Drafted by the Shock at age 19, Liz Cambage recently told LaChina Robinson on the Around the Rim podcast that she was “looking for a place to grow and develop” with a WNBA team but felt “thrown in the deep end” with expectations that she be a franchise player right away.
“The organization wasn’t in the greatest place,” Cambage said. “And I was dealing with teammates who weren’t being the greatest teammates to me and it really just turned me off from basketball in America in general.”
After departing America, Cambage played on the Australian National Team in her home country as well as in China during the offseason. But she suffered a ruptured Achilles’ tendon “a week before the World Champs in Australia.” Although the injury dampened her spirits, she bounced back and made the push towards the 2016 Rio Olympics, which left her drained mentally, physically and spiritually.
Cambage took a year off from basketball during which she traveled and did things she had been wanting to do for a very long time, including dabbling in what she called “side jobs” that keep her creative mind happy. Cambage is a self-described designer and DJ who opened a concert in Australia for Mary J. Blige in April 2017.
Not bad for a “side job.”
Cambage also attended Burning Man art and music festival in Black Rock Desert, Nevada on Sept. 4, 2017. And her Instagram feed is filled with evidence of her hard-earned relaxation: pools, oceans, resorts and, yes, bikinis.
Clearly, Cambage was making up for lost time — doing the fun things she had been missing out on while immersed in a life of basketball and hotel rooms from age 15.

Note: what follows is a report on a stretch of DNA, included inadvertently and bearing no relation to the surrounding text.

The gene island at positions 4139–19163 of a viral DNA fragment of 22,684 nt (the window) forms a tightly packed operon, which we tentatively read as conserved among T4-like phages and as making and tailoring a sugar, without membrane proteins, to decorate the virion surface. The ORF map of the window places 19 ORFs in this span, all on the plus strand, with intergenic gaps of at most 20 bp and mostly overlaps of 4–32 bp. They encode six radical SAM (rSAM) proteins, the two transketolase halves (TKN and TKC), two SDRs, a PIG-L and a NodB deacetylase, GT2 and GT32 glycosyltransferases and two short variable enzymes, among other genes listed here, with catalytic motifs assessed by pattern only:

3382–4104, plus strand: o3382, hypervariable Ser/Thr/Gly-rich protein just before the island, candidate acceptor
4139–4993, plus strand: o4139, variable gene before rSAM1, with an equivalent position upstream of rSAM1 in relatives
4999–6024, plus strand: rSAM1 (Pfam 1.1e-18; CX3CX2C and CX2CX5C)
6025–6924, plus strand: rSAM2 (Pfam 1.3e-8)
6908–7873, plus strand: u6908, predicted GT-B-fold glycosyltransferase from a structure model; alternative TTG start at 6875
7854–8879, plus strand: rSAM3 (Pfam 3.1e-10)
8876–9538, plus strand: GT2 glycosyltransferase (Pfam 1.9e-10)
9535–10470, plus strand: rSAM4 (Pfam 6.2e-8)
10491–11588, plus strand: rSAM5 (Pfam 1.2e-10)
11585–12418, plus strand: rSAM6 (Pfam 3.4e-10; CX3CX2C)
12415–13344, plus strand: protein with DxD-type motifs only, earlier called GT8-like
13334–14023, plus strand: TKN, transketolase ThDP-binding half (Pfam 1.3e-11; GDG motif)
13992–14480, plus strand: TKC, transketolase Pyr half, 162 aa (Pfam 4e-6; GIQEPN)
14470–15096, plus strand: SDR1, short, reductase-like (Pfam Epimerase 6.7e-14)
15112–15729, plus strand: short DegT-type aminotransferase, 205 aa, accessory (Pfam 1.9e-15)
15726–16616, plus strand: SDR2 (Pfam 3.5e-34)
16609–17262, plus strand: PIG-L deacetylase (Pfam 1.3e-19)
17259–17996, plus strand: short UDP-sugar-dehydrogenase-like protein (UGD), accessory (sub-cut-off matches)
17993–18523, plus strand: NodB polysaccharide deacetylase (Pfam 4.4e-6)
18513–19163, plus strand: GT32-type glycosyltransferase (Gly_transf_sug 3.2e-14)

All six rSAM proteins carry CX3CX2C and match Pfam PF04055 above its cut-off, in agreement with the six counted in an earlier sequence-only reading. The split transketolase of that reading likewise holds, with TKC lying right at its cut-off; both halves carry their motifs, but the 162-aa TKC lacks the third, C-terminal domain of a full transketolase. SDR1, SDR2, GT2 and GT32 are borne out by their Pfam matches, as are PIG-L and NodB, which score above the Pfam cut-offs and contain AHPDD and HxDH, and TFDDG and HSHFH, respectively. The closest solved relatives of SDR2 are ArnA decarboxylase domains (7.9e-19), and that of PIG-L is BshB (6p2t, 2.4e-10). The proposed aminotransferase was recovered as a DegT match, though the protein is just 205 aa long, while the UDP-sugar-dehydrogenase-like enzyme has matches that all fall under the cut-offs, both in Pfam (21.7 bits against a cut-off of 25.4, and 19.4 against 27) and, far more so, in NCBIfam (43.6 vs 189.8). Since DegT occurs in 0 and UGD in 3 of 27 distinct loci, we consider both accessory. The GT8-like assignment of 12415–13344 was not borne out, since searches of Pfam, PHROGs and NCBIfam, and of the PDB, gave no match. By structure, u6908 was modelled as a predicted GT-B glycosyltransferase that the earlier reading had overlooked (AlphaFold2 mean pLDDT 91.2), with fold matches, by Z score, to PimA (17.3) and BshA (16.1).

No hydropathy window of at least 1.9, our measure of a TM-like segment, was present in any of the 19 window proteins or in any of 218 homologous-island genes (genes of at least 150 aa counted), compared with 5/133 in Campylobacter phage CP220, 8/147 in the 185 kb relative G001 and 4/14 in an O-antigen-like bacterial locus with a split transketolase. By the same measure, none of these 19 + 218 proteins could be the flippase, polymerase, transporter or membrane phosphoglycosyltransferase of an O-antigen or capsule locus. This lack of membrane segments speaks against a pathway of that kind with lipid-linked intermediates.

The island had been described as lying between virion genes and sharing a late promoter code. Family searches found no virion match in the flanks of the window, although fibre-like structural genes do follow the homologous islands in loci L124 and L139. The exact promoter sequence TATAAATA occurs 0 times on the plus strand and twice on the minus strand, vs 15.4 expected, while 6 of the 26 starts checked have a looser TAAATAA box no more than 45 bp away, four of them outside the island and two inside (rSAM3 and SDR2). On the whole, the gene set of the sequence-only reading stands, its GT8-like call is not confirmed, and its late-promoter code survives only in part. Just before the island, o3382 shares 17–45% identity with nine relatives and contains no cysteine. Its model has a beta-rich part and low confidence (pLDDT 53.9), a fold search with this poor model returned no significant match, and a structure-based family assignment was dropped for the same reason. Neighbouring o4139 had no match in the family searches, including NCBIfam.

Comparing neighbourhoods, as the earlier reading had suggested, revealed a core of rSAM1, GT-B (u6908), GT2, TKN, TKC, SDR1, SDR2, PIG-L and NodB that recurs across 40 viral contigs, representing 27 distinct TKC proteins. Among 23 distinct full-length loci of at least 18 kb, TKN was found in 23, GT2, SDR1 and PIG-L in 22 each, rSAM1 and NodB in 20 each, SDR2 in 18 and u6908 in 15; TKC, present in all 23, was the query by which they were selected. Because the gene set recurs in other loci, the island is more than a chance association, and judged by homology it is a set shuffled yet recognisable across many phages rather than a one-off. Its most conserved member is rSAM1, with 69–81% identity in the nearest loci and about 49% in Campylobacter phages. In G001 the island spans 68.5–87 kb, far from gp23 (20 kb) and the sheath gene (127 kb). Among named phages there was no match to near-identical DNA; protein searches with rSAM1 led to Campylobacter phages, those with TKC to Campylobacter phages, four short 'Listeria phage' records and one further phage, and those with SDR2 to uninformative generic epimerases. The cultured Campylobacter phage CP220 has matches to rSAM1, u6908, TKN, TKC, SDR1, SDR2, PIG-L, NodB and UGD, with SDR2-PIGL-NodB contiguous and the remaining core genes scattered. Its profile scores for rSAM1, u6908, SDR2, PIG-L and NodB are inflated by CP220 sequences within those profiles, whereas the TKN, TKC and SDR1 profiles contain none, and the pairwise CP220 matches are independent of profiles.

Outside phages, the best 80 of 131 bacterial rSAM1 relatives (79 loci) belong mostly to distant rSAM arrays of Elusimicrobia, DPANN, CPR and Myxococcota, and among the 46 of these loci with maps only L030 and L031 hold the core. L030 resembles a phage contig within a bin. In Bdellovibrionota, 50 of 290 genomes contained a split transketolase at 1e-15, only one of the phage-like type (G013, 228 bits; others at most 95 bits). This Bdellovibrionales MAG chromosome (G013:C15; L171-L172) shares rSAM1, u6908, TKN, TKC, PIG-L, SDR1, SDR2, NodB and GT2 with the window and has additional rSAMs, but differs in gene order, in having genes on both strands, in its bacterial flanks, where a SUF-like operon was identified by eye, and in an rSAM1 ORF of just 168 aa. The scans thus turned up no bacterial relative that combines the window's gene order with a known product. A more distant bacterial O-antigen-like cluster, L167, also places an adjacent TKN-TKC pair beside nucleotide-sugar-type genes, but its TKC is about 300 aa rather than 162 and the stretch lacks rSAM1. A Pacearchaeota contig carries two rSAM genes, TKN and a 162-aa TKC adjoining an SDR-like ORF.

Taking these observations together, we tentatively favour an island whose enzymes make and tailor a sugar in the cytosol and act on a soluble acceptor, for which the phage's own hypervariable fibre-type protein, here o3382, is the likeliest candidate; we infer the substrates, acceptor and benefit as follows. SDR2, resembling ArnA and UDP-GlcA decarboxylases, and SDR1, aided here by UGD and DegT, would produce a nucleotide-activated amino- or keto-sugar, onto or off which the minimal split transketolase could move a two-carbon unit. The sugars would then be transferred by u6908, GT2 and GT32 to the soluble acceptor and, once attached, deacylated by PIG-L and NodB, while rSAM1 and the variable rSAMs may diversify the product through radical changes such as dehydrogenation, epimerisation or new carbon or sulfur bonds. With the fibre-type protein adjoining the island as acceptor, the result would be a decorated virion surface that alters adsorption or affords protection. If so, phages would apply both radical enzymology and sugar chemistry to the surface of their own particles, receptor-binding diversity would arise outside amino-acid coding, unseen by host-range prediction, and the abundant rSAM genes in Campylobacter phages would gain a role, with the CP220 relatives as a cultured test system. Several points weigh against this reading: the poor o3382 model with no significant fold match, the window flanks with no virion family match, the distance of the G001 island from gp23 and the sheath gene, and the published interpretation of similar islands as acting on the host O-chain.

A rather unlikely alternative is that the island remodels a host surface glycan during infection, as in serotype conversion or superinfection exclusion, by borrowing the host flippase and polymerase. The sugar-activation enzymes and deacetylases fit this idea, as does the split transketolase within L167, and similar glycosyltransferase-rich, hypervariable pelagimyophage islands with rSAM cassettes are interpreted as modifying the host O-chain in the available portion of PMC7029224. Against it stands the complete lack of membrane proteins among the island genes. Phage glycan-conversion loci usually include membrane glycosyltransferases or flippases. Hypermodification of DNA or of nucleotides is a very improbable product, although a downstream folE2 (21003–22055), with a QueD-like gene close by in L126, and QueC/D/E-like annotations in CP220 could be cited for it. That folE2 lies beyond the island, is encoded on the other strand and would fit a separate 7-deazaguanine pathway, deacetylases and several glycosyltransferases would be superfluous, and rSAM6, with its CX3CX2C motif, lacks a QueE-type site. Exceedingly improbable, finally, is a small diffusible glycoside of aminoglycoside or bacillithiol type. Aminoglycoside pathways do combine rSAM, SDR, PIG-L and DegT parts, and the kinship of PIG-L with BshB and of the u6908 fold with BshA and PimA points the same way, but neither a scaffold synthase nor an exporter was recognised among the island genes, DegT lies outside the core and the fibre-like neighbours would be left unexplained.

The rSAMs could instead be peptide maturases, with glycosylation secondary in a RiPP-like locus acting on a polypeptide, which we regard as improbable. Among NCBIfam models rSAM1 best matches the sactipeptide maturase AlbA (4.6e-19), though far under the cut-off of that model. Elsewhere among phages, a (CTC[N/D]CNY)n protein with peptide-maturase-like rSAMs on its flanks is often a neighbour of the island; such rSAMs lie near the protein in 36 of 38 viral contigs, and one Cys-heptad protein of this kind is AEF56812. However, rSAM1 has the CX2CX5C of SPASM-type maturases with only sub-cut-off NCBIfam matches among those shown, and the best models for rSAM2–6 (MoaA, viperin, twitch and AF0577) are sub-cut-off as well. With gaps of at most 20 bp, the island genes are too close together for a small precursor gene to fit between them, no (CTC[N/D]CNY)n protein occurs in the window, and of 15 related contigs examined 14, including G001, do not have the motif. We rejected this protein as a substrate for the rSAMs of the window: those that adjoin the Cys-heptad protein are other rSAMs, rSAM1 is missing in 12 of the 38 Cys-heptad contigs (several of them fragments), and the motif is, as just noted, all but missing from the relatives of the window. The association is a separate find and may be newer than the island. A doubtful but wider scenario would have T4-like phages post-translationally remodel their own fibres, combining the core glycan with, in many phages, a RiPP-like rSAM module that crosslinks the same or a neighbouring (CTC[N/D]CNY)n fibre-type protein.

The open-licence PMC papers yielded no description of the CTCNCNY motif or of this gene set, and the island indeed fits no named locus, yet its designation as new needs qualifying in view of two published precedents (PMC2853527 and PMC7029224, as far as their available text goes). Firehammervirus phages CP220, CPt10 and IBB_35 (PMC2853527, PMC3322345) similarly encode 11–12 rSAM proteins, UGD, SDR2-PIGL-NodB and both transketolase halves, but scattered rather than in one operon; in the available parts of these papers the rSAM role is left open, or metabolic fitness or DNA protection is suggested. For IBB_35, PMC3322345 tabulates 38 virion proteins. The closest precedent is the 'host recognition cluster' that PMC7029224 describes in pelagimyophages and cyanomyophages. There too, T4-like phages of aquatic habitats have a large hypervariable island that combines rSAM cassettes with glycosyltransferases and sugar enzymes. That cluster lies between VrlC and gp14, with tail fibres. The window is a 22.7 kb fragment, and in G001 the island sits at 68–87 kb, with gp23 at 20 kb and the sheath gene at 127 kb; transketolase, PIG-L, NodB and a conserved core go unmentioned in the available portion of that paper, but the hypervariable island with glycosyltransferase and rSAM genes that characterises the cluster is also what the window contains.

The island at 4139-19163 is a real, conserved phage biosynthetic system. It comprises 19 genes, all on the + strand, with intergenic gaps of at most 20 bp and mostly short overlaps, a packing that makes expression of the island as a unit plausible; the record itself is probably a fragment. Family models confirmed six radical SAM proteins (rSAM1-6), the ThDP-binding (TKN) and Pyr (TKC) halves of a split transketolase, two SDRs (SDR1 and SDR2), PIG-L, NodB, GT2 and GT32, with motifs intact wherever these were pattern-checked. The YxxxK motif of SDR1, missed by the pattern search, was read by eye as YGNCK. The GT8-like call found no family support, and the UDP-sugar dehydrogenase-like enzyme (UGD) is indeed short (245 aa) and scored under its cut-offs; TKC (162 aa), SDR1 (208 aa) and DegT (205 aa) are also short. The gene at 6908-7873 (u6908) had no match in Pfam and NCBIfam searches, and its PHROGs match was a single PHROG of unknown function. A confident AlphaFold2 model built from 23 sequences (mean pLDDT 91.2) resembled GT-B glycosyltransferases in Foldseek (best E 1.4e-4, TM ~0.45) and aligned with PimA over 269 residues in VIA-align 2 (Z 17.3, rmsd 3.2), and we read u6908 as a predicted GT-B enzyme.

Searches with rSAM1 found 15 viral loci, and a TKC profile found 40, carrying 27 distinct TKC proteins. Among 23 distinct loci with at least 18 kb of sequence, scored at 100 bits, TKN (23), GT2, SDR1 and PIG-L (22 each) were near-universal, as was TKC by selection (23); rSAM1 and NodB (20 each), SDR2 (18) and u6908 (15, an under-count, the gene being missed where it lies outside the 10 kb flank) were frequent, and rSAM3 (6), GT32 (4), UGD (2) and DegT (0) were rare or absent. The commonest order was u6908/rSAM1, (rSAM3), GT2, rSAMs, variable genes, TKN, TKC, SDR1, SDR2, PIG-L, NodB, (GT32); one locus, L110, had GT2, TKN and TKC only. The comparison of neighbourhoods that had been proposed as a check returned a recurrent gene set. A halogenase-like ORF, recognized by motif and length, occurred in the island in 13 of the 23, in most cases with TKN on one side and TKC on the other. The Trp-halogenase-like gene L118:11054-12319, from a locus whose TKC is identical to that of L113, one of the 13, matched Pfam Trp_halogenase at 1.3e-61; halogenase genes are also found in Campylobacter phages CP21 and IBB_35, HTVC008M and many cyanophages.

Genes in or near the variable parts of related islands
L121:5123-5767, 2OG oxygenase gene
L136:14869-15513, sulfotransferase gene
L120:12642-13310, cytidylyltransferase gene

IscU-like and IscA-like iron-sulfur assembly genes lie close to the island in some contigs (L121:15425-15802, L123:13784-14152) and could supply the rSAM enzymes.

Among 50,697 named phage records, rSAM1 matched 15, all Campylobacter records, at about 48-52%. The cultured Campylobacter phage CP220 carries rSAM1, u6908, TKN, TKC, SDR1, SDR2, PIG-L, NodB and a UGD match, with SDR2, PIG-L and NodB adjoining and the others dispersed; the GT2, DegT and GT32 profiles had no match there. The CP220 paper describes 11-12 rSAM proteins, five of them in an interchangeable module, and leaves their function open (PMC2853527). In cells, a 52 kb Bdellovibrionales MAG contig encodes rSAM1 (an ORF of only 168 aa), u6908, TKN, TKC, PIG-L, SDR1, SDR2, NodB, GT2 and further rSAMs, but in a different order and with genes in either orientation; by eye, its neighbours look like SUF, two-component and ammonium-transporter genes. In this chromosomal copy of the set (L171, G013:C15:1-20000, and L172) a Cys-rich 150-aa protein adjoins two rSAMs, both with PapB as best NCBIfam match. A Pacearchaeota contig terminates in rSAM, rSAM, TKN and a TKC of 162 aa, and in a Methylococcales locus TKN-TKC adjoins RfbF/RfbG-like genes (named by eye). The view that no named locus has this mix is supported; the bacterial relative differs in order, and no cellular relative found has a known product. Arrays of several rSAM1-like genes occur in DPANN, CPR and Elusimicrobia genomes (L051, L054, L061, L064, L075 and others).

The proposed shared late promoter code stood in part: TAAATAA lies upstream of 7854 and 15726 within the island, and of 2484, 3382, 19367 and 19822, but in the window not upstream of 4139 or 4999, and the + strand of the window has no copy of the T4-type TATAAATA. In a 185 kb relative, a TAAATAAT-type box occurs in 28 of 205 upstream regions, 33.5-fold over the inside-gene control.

But this wasn’t mere exhaustion.
Cambage described this period in her life as an “existential crisis” during which she no longer understood her purpose. “I needed to step back, reset and reevaluate everything I was doing and the people around me,” Cambage said.
The time away from the game proved beneficial, as now Cambage claims to enjoy being back on the basketball courts of the WNBA. She credits Dallas Wings Head Coach Fred Williams as playing an integral role in her return to the league by being patient, but staying engaged, while she was doing other things “on the other side of the world.” She marvels at Skylar Diggins-Smith’s transformation into a dominant force in the league, and credits both Diggins-Smith and Glory Johnson for making it easy for her to return.
But perhaps it is Assistant Coach Erin Phillips who provides Cambage a piece of Australia in America. She said that as an only child she has struggled to be away from her mother and grandmother and, therefore, appreciates Phillips’ presence, who she views a being “like an older sister.”
If timing is everything, Cambage makes her return to the league at the perfect one. She is rested and mentally and physically restored — ingredients needed to contend against WNBA teams with a very different look than when she last played in the league. The league is no longer treating the center position like an afterthought. With more big girls emerging through the ranks of college basketball programs and from abroad, WNBA teams are having an easier time of putting big women, like Cambage, in the paint.
In a recent interview with ESPN’s Mechelle Voepel, Cambage said:
“I love Brittney; I’ve watched her develop since her rookie year. It’s good for us going against bigger bodies more games, rather than chasing around those undersized [power forwards]. They get away with everything.”
Oh, those pesky power forwards!
But to prepare for the other bigs, namely Brittney Griner and Sylvia Fowles, Cambage trained against men which did not prove wholly successful in preparing her for the size and strength of the big women in the league.
“Nothing can get you ready for this league,” Cambage concluded.